Friday, March 27, 2009


I really enjoy watching both podcasts. My favorite of the two would have to be A Night in The Global Village. A Night in the Global Village is a podcast about students and teachers living the lives of someone less fortunate than them. The teachers explain to the students about the different groups of families. They explain the different conditions the students will be staying in. They place the students into groups then announced to the students which family they are. The students lived in the conditions as would the families. This was a very good experience for the students to see how others live and how blessed they are. I enjoyed this podcast most because it open my eyes upon the living conditions of others. I would like to experience what the students experienced.

Although, A Night in the Global Village is my favorite, The Edible Schoolyard was a good podcast as well. This podcast was about students at Martin Luther King Jr. Middle School planting food, vegetables, fruit, etc., cooking, and eating it. The students were learning things that they don't even know they were learning. They learned how to set tables, how to eat and/or talk at a table, how to cook, how to plant food, and when to plant what. The best thing about this type of learning experience is that the students had fun learning.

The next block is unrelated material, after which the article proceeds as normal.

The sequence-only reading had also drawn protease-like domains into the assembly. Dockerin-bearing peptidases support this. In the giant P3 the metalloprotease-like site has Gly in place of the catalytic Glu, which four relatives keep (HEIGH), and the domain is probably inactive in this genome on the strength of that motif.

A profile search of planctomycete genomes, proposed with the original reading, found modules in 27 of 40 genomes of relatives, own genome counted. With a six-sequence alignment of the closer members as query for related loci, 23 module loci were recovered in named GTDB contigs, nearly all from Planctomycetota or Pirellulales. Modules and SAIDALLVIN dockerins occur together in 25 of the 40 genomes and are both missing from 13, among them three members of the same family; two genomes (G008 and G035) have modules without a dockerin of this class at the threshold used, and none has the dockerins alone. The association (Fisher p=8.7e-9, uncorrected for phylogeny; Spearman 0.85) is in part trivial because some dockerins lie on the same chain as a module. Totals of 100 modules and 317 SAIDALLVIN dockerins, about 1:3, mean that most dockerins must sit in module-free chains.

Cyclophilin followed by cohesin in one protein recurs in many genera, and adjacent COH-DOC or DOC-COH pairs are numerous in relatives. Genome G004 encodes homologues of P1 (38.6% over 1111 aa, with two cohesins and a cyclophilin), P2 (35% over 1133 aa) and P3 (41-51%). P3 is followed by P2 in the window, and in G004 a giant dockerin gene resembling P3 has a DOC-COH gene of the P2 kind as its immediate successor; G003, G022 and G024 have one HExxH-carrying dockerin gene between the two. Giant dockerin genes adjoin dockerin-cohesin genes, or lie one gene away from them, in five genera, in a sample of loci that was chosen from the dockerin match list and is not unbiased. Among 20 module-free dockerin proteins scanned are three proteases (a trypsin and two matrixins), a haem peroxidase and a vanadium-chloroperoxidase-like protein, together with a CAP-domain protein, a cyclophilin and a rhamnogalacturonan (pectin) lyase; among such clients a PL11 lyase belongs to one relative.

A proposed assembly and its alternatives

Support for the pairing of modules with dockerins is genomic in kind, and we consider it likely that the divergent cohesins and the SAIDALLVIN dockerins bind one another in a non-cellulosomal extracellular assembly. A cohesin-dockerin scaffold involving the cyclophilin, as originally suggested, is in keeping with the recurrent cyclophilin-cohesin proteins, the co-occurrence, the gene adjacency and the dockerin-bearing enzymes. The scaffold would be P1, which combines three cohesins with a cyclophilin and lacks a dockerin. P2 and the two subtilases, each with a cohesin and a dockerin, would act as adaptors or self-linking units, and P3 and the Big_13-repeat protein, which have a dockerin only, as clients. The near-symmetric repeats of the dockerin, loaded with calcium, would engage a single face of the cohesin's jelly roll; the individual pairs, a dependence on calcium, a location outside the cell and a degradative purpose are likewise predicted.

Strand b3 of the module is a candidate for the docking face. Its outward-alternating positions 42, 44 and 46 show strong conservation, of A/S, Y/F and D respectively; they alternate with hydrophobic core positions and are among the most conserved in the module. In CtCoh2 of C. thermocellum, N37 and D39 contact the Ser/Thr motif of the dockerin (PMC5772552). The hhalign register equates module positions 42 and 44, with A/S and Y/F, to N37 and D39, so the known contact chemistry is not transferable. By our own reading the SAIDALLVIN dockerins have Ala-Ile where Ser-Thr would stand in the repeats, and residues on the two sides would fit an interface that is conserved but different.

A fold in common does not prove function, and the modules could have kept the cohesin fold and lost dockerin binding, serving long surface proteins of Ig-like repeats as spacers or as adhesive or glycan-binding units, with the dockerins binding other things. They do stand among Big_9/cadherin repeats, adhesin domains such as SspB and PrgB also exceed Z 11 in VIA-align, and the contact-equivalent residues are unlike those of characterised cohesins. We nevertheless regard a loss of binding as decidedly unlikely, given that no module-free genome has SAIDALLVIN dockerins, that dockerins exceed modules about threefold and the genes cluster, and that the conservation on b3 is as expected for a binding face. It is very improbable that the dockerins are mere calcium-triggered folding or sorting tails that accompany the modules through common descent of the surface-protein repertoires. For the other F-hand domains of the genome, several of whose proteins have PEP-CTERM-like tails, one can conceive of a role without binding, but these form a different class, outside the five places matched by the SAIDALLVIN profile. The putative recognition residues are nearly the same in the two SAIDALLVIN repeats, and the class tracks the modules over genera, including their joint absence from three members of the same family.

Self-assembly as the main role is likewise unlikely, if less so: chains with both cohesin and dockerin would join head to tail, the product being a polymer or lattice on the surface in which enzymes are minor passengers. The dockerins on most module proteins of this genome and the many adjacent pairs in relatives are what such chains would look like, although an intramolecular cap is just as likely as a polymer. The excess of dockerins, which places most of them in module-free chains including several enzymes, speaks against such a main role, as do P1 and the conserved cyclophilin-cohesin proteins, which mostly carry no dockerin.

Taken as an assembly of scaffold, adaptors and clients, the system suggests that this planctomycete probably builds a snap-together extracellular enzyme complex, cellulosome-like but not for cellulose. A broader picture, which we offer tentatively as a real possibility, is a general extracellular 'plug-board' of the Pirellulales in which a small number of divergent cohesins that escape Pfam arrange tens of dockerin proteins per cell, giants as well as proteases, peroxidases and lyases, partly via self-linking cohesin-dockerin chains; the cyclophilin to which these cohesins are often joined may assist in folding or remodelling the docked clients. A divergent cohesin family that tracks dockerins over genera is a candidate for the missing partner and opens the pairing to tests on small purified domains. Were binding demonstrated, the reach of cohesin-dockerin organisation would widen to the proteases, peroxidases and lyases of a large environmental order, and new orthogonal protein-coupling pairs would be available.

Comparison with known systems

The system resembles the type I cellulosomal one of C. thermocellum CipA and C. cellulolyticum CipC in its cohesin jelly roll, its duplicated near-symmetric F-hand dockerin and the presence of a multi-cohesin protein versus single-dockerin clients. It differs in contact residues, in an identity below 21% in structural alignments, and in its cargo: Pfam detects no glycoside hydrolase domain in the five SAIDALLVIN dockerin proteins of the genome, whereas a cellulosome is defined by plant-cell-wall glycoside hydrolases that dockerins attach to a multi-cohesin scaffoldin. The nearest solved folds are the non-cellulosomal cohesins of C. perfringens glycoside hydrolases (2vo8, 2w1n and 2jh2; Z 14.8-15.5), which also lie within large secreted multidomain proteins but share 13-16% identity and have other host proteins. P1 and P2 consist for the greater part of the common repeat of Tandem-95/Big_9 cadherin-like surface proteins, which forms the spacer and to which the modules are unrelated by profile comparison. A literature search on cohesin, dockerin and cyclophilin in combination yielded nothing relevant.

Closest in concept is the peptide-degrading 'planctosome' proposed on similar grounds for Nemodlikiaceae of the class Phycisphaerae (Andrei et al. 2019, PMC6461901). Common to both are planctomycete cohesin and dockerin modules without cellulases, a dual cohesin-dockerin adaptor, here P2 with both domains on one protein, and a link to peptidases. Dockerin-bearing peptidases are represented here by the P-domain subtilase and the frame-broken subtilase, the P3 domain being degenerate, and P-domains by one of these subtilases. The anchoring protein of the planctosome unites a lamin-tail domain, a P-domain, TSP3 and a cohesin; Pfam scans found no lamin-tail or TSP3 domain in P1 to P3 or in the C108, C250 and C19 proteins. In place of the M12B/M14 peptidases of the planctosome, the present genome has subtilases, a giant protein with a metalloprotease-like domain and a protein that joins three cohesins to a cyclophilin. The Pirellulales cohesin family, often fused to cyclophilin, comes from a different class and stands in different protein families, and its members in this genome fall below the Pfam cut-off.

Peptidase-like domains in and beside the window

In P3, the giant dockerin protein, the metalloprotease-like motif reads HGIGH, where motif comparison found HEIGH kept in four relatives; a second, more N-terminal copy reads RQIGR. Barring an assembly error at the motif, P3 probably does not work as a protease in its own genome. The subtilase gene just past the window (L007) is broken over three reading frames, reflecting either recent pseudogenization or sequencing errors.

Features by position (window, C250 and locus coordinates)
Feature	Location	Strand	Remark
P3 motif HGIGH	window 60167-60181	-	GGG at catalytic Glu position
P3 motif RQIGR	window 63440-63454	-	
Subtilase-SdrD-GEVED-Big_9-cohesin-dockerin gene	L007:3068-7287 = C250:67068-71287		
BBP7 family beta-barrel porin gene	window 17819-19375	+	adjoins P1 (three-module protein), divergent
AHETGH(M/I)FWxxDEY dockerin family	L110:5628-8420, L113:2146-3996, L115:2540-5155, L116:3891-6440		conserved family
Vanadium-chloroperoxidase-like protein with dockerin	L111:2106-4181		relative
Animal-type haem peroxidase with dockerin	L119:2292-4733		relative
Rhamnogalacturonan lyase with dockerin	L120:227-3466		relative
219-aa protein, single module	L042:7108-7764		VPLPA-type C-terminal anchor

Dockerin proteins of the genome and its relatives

The Night in the Global Village can be of use to me as a teacher by giving me an idea of a wonderful learning experience for my future students. It would also be a great podcast to show my future students. This way if my students are able to actually take part in a learning experience of this kind, they will be able to see it.